On the move
Steve Blakelock, assistant headteacher at Wootton Bassett School in Wiltshire, is to take semi-retirement this summer. From September, he plans to teach sixth form students two days a week. Three other colleagues are also retiring: Graham Short, PE teacher and head of transition, who has been at the school for 26 years; Kevin Eames, former head of English, who leaves after 27 years; and Isobel Moore, stepping down as head of languages to work part-time after 30 years at the school.
Sir James Sassoon, formerly managing director of the Treasury's finance and industry directorate, will take over as chairman of the Ifs School of Finance from Donald Brydon in December. The retiring chairman has headed the organisation since 2006. Sir James, 53, is a director of the Nuclear Liabilities Fund and the Merchants Trust. He is now a member of the economic recovery committee of the shadow cabinet. Before joining the Treasury under Labour he spent 17 years at UBS Warburg, latterly as vice- chairman of investment banking.
Isle of Wight Council has appointed Deborah Cameron interim assistant director of its children and young people's services, with special responsibility for safeguarding. Ms Cameron was a director of social services for Newham, in east London, for 10 years and more recently
chief executive of Addaction, the UK's largest specialist drug and alcohol treatment charity. She was a foster carer and adopted two children aged of 14 and 17.
Simon White has joined Suffolk County Council as interim director of children and young people. He has previously worked as director of social services in Camden, north London, and was chief executive of Waltham Forest in north-east London. He has also held consultancy posts in Hackney, east London, Lewisham, south-east London, Bedfordshire and Northamptonshire councils.
Wokingham Borough Council has appointed Andy Couldrick general manager for children's services. He leaves Oxfordshire as the council's head of service, children and families in September, after being instrumental in leading the implementation of its children's centre programme. He originally qualified as a social worker and has more than 25 years' experience in children's services in West Berkshire, Milton Keynes, Reading and Berkshire.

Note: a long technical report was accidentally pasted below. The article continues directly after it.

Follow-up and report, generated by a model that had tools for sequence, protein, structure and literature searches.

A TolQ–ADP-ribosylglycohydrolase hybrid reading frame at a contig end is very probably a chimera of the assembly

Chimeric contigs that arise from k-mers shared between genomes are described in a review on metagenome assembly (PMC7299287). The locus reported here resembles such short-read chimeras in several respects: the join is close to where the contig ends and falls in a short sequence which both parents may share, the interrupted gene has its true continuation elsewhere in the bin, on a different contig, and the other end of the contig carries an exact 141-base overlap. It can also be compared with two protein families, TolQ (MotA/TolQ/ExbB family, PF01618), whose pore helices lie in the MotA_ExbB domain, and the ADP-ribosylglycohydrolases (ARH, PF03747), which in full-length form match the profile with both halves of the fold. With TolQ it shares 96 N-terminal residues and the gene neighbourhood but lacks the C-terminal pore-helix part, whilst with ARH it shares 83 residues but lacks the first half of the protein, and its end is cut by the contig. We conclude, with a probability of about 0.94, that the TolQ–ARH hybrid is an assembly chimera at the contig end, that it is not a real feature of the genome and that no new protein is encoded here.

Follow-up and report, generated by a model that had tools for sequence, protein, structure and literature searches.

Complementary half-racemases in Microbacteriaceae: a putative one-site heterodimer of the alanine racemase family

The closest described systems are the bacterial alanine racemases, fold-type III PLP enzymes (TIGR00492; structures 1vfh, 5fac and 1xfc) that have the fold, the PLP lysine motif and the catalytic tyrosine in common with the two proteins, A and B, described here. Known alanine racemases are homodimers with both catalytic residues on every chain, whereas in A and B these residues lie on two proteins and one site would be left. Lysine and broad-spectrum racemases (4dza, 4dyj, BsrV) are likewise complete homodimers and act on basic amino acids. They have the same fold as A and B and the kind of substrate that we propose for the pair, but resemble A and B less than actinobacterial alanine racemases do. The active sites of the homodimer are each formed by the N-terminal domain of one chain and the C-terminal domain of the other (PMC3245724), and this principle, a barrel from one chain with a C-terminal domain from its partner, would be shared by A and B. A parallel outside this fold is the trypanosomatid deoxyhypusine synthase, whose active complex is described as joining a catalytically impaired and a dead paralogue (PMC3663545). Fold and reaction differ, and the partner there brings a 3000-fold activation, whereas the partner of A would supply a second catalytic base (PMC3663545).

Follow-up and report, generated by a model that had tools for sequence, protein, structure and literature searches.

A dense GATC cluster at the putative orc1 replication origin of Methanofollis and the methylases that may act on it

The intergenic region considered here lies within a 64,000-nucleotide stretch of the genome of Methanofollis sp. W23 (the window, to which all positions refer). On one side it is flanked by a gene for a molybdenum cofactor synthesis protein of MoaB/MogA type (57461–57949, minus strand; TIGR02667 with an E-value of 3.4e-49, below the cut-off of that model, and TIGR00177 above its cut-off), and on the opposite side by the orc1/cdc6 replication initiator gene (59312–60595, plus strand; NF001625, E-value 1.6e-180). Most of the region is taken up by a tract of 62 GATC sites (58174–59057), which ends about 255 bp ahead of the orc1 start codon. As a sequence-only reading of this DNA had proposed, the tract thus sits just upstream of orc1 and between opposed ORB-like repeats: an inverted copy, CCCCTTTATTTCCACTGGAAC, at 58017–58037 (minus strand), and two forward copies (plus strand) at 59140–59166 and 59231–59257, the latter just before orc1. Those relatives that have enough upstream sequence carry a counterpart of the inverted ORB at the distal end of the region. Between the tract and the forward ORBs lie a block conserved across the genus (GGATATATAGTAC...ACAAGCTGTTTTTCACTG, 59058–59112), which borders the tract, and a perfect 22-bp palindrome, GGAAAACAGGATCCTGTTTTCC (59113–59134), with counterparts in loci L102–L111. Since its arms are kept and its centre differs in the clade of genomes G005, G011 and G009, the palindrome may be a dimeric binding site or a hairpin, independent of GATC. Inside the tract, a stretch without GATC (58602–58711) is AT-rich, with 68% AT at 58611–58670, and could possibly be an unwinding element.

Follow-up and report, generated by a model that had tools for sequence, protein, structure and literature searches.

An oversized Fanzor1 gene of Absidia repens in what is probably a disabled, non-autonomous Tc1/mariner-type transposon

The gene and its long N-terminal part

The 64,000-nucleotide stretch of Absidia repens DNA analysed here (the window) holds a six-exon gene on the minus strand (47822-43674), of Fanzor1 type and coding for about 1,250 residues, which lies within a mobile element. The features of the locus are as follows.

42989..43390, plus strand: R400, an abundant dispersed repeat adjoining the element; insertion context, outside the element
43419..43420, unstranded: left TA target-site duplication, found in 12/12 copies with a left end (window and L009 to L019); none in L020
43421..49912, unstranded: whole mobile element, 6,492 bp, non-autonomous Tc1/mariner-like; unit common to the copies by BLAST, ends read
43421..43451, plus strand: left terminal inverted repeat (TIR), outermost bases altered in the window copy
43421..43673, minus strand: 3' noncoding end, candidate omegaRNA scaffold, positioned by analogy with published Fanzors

Paul Ennals, chief executive of the National Children's Bureau since 1998, was knighted in the Queen's birthday honours list. In his work for the charity, Mr Ennals has looked to improve the lives of disabled children, children in care, bereaved children, and other vulnerable groups through play provision and by supporting children's participation in service planning.
Before heading the NCB, Mr Ennals was director of education and employment for the Royal National Institute of Blind People, which provides support for the blind and partially sighted.
Last week was an extraordinary one for St Anne's Catholic Primary in Chelmsley Wood, Solihull. First, Joy Senanayake, a teaching assistant, won the regional Teaching Award, making it through to the national final to be held in London. Second, Ann Conway, the school's crossing patrol warden, was appointed MBE in the Queen's Birthday Honours. And third, Leighton Smith, a Year 6 pupil and goalie in the school and district football teams, won the English Schools FA under-11s seven-a-side trophy with Solihull at Wembley. One week, three winners; all are pictured below.